Restoring different ecosystems
When embarking on restoration work, it’s important to understand the type of ecosystem you are working in. On this page we describe wetlands, stream sites and coastal sites and link to other resources that can help you restore them. There is also information about legal protection for sites to give them the best chance of recovery in the long term.
Wetlands are extremely important ecosystems and many are home to rare native plants and animals. Unfortunately, there are very few wetlands remaining in New Zealand, and their extent in Wellington has also been severely reduced. The following publications provide information on wetlands and wetland restoration:
For even more information on wetlands, check out:
Streams and riparian areas (stream banks and floodplains) are important habitats, food sources and breeding areas for our native fish and many other native animals.
Because New Zealand was largely forested before people arrived, our freshwater ecosystems are adapted to the high level of shading provided by intact bush. Overhanging plants shade streams, keeping the water cool for aquatic invertebrates and providing them with food. The cool and dark environment prevents unnatural algae growth which depletes the water of oxygen needed by fish and invertebrates. Riparian vegetation also promotes good water quality by filtering contaminants that would otherwise enter a waterway.
Freshwater algae is a large group of organisms, including both New Zealand native and invasive exotic species. You can learn about them by using the freshwater algae guide developed by Landcare Research, and maybe even have a go at collecting and identifying some algae at your place.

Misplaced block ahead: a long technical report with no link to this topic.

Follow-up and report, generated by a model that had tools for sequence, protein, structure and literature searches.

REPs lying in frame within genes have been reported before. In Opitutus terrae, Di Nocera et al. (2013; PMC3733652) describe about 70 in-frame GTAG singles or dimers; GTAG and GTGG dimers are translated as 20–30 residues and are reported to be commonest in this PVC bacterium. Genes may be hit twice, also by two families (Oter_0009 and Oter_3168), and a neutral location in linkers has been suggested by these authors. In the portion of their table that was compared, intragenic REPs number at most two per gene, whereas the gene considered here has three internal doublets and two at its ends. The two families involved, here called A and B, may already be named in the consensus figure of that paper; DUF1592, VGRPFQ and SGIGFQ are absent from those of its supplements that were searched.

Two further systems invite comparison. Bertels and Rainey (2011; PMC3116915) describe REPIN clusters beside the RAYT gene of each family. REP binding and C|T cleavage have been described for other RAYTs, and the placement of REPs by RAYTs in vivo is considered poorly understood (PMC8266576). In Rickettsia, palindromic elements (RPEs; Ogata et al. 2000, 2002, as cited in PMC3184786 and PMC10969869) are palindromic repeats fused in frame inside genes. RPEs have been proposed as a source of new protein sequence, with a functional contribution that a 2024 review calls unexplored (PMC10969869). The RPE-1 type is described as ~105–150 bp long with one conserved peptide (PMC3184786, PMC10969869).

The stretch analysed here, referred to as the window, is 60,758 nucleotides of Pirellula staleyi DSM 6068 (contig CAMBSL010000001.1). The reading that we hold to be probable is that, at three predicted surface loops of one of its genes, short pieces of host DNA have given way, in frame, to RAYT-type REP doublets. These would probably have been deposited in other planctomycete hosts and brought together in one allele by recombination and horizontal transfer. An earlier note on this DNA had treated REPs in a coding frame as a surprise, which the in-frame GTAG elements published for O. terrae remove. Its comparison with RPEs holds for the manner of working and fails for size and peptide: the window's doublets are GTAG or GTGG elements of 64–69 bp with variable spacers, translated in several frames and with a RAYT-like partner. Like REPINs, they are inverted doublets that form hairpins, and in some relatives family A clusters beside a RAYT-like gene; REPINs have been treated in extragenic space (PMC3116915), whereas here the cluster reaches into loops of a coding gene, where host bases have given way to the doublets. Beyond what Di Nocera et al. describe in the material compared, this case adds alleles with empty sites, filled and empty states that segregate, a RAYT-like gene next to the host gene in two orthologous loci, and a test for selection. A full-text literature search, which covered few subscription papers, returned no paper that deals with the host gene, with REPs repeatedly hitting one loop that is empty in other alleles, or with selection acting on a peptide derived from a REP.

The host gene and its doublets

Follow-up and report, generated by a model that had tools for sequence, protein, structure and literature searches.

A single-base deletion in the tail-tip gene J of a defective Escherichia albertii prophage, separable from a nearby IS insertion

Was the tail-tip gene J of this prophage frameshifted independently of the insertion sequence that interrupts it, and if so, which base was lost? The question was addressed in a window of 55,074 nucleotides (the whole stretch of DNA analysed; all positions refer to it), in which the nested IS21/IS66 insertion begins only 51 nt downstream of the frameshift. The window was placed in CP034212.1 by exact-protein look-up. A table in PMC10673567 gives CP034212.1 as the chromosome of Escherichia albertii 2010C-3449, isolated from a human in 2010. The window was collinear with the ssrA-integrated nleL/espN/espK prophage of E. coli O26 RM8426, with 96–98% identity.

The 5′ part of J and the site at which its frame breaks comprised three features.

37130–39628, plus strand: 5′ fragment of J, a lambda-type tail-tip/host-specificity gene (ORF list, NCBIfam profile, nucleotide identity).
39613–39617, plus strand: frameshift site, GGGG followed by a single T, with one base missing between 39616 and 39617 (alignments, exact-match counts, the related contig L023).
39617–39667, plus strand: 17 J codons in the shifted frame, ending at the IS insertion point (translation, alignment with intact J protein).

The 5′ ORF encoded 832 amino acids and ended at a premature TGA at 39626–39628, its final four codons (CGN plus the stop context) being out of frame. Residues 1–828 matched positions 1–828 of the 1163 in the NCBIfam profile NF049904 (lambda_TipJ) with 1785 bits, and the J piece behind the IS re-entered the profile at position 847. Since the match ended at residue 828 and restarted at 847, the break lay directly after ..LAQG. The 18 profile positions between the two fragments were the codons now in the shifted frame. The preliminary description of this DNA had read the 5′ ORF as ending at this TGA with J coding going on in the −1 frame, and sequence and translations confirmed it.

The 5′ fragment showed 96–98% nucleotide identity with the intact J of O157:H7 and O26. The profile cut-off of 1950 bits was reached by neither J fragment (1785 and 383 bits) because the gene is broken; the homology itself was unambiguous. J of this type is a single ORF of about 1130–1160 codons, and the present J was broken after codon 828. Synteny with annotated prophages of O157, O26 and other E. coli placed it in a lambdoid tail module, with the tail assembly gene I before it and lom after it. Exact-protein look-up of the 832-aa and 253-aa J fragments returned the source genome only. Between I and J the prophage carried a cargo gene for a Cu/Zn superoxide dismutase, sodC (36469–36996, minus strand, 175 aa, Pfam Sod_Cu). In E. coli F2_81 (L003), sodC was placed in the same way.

Riparian plants provide an important connection between the aquatic and land environments. For example, insects on branches can fall into the water and are a good food source for fish and aquatic invertebrates.
The following guides can help you learn how to replant riparian areas and how to ensure that native fish can move freely along our streams and rivers.
NIWA has developed a great guide to monitoring the health of streams by assessing the habitat values and the animals and plants you find. Check it out here.
Sand dunes are important natural areas, not only for their ecological significance but also because they protect our beaches and coastal areas from erosion. Dunes act as barriers to damage from storms and waves.
Dunes contain many specially adapted plants that stabilise the sand and provide habitat
Protecting and restoring dune areas can help conserve our coastline for years to come.
For more information on dune restoration, visit:
Recovery of natural ecosystems can be very slow, depending on the level of intactness at the start of restoration work. During the restoration process, it is good to think about how we can ensure the protection of an area so that it has a better chance of supporting functioning ecosystems in the long term. Legal protection, such as conenanting, is a great way to safeguard your efforts and investment into the future.
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